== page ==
Table of Contents Author Guidelines Submit a Manuscript
Case Reports in Immunology
Volume 2012, Article ID 390831, 3 pages
http://dx.doi.org/10.1155/2012/390831
Case Report

Chylous Ascites and Pleural Transudate: Rare Presentations in Systemic Lupus Erythematosus in Old Age

1Department of Internal Medicine, Taichung Armed Forces General Hospital, Taichung City 411, Taiwan
2Division of Rheumatology/Immunology/Allergy, Department of Internal Medicine, Taichung Armed Forces General Hospital, Taichung City 411, Taiwan
3Division of Gastroenterology, Department of Internal Medicine, Taichung Armed Forces General Hospital, Taichung City 411, Taiwan

Received 2 January 2012; Accepted 20 February 2012

Academic Editor: M. Hummel

Copyright © 2012 Guan-Liang Chen et al. This is an open access article distributed under the Creative Commons Attribution License, which permits unrestricted use, distribution, and reproduction in any medium, provided the original work is properly cited.

Abstract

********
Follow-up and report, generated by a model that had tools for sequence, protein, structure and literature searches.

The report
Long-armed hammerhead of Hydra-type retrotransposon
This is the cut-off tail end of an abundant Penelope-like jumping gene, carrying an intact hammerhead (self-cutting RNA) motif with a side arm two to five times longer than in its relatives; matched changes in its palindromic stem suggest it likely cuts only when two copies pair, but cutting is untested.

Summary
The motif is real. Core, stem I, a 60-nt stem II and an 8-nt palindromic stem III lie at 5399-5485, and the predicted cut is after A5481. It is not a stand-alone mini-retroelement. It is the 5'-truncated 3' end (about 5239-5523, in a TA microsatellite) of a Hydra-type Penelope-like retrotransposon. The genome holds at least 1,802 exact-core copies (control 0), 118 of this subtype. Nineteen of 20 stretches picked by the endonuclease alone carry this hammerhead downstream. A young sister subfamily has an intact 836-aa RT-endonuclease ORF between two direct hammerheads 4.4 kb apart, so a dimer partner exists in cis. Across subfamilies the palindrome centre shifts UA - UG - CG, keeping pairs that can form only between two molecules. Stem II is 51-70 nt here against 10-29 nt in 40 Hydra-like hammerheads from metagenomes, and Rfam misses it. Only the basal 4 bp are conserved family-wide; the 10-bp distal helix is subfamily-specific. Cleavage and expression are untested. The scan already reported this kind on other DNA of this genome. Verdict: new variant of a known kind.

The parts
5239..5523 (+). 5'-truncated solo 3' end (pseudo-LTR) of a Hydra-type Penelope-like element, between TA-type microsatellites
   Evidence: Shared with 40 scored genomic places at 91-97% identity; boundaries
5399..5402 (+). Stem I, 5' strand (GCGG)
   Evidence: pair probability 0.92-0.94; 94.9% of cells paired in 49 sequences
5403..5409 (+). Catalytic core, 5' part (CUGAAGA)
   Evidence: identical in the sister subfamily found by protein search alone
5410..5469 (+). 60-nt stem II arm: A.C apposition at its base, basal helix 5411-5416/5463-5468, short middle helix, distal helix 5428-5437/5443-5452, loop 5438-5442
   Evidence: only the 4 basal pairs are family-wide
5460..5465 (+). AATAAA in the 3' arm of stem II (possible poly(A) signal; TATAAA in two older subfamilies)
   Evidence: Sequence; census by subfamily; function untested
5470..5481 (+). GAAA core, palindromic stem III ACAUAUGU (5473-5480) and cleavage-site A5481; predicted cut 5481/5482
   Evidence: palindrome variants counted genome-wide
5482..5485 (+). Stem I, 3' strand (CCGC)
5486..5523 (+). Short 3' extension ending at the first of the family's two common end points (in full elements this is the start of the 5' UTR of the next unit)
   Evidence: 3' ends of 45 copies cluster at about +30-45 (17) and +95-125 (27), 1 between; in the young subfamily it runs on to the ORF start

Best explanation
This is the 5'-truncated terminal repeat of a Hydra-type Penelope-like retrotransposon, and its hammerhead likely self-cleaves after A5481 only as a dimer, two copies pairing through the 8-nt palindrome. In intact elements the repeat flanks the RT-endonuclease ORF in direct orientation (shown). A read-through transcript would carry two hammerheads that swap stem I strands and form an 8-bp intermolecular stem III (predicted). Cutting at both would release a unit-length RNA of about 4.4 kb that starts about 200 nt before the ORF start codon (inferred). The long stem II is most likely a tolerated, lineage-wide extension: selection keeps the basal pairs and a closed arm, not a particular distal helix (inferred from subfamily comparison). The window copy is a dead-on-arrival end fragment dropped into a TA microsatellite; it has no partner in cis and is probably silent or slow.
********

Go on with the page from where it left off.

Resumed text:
Systemic lupus erythematosus (SLE) is a systemic autoimmune disorder with involvement of multiple organs. Various forms of serositis, including pleural effusion, pericardial effusion, and ascites, may be found during the course of SLE. Peritoneal involvement by ascites is common in the initial presentation of SLE. However, chylous ascites is uncommon in SLE patients. Here, we describe a 93-year-old female with initial presentation of chylous ascites during SLE flares. Marked distention and an ovoid shape of the abdomen were observed. Shifting dullness and central tympanic sounds were found on percussion. Rales were heard in bilateral breathing sounds, multiple oral ulcers appeared in the oral cavity, and chest images showed bilateral pleural effusion. Abdominal sonography revealed moderate ascites and pleural effusion. Neither organisms nor malignant cells were revealed in the culture or cytology of ascites and pleural effusion. The diagnosis of SLE was arrived at by positive antinuclear antibody (ANA), discoid rash, oral ulcers, serositis (pleural effusion and ascites), and proteinuria. The patient received intravenous methylprednisolone 250 mg/day for three days. The pleural effusion resolved dramatically after steroid therapy and abdominal distention related to ascites formation subsided obviously.